The response to this argument is likely to refer back to the dynamic of the market and the ‘invisible hand’ of Adam Smith. A proponent of the self-regulating market would suggest that these corporations are only responding to international trends and attempting to stay competitive in a worldwide market. This theory does not take into account the sheer fact of the matter that industrial societies do not properly fund the technologies that matter. If the goal of an industrialized nation were to increase the standard of living for its people (which is the goal of all government), then it would stand to reason that they would invest in technologies that would improve the standard of living. Unfortunately this is not the case, as Robert A. Isaak demonstrates in his book The Globalization Gap:

War and national security issues push solutions to social and economic problems in rich countries off the agenda, much less the problems of the poor nations…As Americans focused on the war, the proportion of people in the United States living in poverty was up, and income for middle-class families was down. The President’s proposed budget called for a plan that would have made it harder for low-income families to get government benefits.[3]

 

This misappropriation of funding creates negative effects in the country of origin, but there is also a trickle-down effect that will yield much harsher results for the poorer nations. The United States contributes the majority of its wealth to producing weaponry, and then eventually this weaponry will be sold off to lesser-developed countries as better technology becomes available. It is absolutely essential that industrialized nations like the United States begin to assess what the government is spending their money on. View the chart below to see the disproportionate spending that occurs.

 

 

 

 

 

While it is true that technology has tremendous potential to bring benefits to all people of the world, sadly it is implemented in other far more destructive ways. Instead of investing in technologies that would prove to be beneficial to mankind and aid in the development and education of third world nations, the corporate elite ensure that this cannot take place. Robert A. Isaak comments on the complications that arise from the current system we live in:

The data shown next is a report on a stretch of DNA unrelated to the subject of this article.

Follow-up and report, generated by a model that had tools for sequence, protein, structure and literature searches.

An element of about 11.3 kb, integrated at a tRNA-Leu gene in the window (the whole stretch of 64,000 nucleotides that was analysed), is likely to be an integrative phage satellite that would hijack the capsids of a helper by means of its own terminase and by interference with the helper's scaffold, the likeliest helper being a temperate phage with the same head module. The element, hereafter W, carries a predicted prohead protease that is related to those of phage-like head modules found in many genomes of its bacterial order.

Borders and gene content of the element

More opportunities are generated by globalization in countries that benefit from its money, technology, and information flows. But the governments of these very countries are so overwhelmed by the changes globalization has wrought that they are preoccupied with restructuring their own educational and employment systems. Meanwhile…the least developed nations slip even more into the shadows.[4]

 

Perhaps the greatest benefit that our technology will bring us is the understanding that things must necessarily change. Along with our newfound technological revolution, we are presented with a great opportunity to realize the potential that our technology holds for the future. If we intend to achieve this realization, we will have to identify the barriers that keep important technologies from reaching those displaced in the third world.

 

 

 

 

Part II: Industry and Corruption

Although it can be argued that technology is a good thing for this planet and its people, it will be difficult to argue that individuals and corporations do not abuse technologies for political and monetary gain. This fact is clear when we examine two industries that have come into being within the last hundred years; the Pharmaceutical Industry and the Bio-Tech Industry. These industries both have remarkable potential to change the world for the better, but unfortunately have proven themselves both guilty of a number of crimes. Let us begin with the Pharmaceutical Industry.

Just as the case is with any technology, we cannot entirely abandon pharmaceutical technology. This is an important science that has the potential to solve many of the world’s health crises. However, it is essential for any student of international relations that they study the negative aspects of these very transformative technologies. One of the primary arguments in favor of the pharmaceutical industry is that the technology saves lives that would otherwise be lost. This argument may contain some kernel of truth, but the truth is much more striking if we examine the number of adverse reactions that these chemical cocktails have caused. In 1998, the Journal of the American Medical Association (JAMA) published a study that reads as follows: “We estimated that in 1994 overall 2,216,000 (1,721,000-2,711,000) hospitalized patients had serious ADRs [Adverse Drug Reactions] and 106,000 (76,000-137,000) had fatal ADRs, making these reactions between the fourth and sixth leading cause of death”[5]. These numbers are in stark contrast when compared to the number of deaths that occurred from illicit drug use. In 2009, the Center for Disease Control published a study that claims: “In 2006, a total of 38,396 persons died of drug-induced causes in the United States. This category includes not only deaths from dependent and nondependent use of legal or illegal drugs, but also poisoning from medically prescribed and other drugs.”[6]. This data should be an outrage to all rational beings. After reviewing the data, it seems likely that the Center for Disease Control did not incorporate deaths that occurred after hospitalization into their data. Regardless, the numbers do not reflect well on the products of the pharmaceutical industry.